With this amount of interest , it was not surprising that the ARS director of District 5, Barbara Campbell, began to generate interest in the formation of what became the Hawaii Chapter in 1997. The chapter now has 37 members including those from New Zealand, Thailand, England, Denmark and Belgium.
In the year 2000, on March 17-18, the Hawaii Chapter will host a "Vireya Seminar" in Hilo at the Naniloa Hotel. Experts from the University of Hawaii, Hilo, and local nurseries will lead discussions in the mornings, and in the afternoons there will be garden tours. Reservations are anticipated from the mainland United States. as well as the Pacific Ocean area. Reservations may be made with the chapter treasurer:
Sherla Bertelmann, P.O. Box 508, Mountain View, HI 96771. email: tropical@ interpac.net.
Why do vireyas do so well in Hawaii? There will be better answers to this question when our chapter publishes the result of a research study that is recording the progress of five varieties in gardens located from sea level to 4000 feet. We generally agree that soil and climate have characteristics that make for healthy vireya propagation in the ground. Our volcanic origin provides outstanding drainage which vireyas demand. Also in many locations the rain forest environment provides the acid and humusy conditions they like.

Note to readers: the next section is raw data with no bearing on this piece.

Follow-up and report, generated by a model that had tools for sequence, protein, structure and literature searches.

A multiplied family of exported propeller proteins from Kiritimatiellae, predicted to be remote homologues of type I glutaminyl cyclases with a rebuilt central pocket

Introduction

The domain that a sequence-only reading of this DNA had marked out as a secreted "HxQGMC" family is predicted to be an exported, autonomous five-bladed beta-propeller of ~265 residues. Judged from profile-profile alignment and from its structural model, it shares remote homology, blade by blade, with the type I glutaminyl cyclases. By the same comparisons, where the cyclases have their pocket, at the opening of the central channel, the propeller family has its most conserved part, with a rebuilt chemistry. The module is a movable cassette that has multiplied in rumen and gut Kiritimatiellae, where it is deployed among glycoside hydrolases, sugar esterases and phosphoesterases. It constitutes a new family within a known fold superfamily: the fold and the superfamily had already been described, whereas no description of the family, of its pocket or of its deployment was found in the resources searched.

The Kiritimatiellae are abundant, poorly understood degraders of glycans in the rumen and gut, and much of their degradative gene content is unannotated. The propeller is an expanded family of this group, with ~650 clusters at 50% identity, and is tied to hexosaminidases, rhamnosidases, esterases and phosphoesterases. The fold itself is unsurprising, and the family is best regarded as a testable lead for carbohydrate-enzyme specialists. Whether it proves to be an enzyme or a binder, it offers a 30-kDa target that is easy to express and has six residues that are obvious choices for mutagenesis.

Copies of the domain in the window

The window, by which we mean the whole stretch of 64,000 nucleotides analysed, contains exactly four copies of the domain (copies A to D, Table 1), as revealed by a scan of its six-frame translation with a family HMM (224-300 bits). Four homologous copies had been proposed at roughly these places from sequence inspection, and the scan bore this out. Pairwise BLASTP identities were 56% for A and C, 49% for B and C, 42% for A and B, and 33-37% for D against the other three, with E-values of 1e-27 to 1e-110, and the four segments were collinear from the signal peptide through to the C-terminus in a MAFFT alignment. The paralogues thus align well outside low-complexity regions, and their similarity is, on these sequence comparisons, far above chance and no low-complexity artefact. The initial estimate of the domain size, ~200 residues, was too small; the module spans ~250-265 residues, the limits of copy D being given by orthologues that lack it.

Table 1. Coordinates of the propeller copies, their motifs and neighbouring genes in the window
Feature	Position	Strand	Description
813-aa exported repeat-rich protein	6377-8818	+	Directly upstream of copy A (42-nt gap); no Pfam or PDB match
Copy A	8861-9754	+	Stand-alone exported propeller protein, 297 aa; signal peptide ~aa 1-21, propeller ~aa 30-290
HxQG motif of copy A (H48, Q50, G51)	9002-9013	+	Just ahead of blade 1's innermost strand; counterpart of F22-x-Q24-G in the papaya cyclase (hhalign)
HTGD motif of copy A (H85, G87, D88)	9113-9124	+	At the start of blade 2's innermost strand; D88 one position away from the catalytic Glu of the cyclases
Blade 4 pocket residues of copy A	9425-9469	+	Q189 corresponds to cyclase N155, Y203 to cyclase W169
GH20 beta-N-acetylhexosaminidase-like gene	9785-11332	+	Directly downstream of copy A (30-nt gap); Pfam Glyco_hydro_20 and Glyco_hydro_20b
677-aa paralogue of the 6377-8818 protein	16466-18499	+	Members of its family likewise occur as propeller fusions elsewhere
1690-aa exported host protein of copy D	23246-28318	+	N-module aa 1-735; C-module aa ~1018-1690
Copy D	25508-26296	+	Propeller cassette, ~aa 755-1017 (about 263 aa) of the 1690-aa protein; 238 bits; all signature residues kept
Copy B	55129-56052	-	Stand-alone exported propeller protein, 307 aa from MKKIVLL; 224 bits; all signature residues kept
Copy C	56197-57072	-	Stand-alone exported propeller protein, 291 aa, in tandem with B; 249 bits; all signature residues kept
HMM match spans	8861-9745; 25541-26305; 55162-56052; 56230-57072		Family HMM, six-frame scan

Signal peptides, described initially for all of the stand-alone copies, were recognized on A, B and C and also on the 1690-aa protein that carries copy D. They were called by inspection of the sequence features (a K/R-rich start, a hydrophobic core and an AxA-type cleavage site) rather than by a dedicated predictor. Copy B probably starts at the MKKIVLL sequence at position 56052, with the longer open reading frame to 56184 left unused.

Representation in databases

As for climate, Atlas of Hawaii, published by the University of Hawaii Press, says: "The character of Hawaii's climate can be explained largely by its geographic location. Ranging from approximately 19 to 22 degrees north latitude, the inhabited islands lie at the margin of the tropics and inside a belt of persistent trade winds and accompanying down-welling of upper-level air". The same source says that if it weren't for the steep sloped high mountains, rainfall would range between 22 and 28 inches per year. This explains why our average annual rainfall ranges from ten inches to 445 inches for the state as a whole.
Usually there is more than enough rain on our islands to keep the vireyas happy. However, El Nino did make an exception and some of our members had to buy water because their water system went dry. In our garden at 4000 feet rainfall can vary between 170 inches to over 200 inches. My observations tell me that vireyas seem to thrive on lots of rain as long as the rain continues on down through the lava base and isn't allowed to sit in a pool around the roots. Of course, the fertilizer goes on down with it which means that more frequent fertilizing is required. So much for growth, but for flowering different varieties have their own sun requirements which must be reckoned with. I have found no substitute for moving them when they get too little or too much sun.
Another reason that vireyas do so well here is they are loved by a great group of people who enjoy each other's company at the chapter's monthly meetings on the third Sunday. We have a lot of fun the with a lucky number drawing for flowering trusses (that usually exceed fifty different varieties), plus an auction for mature potted plants.
R.A. 'Mitch' Mitchell
P.O. Box 298
Volcano, HI 96785
President, Hawaii Chapter, American Rhododendron Society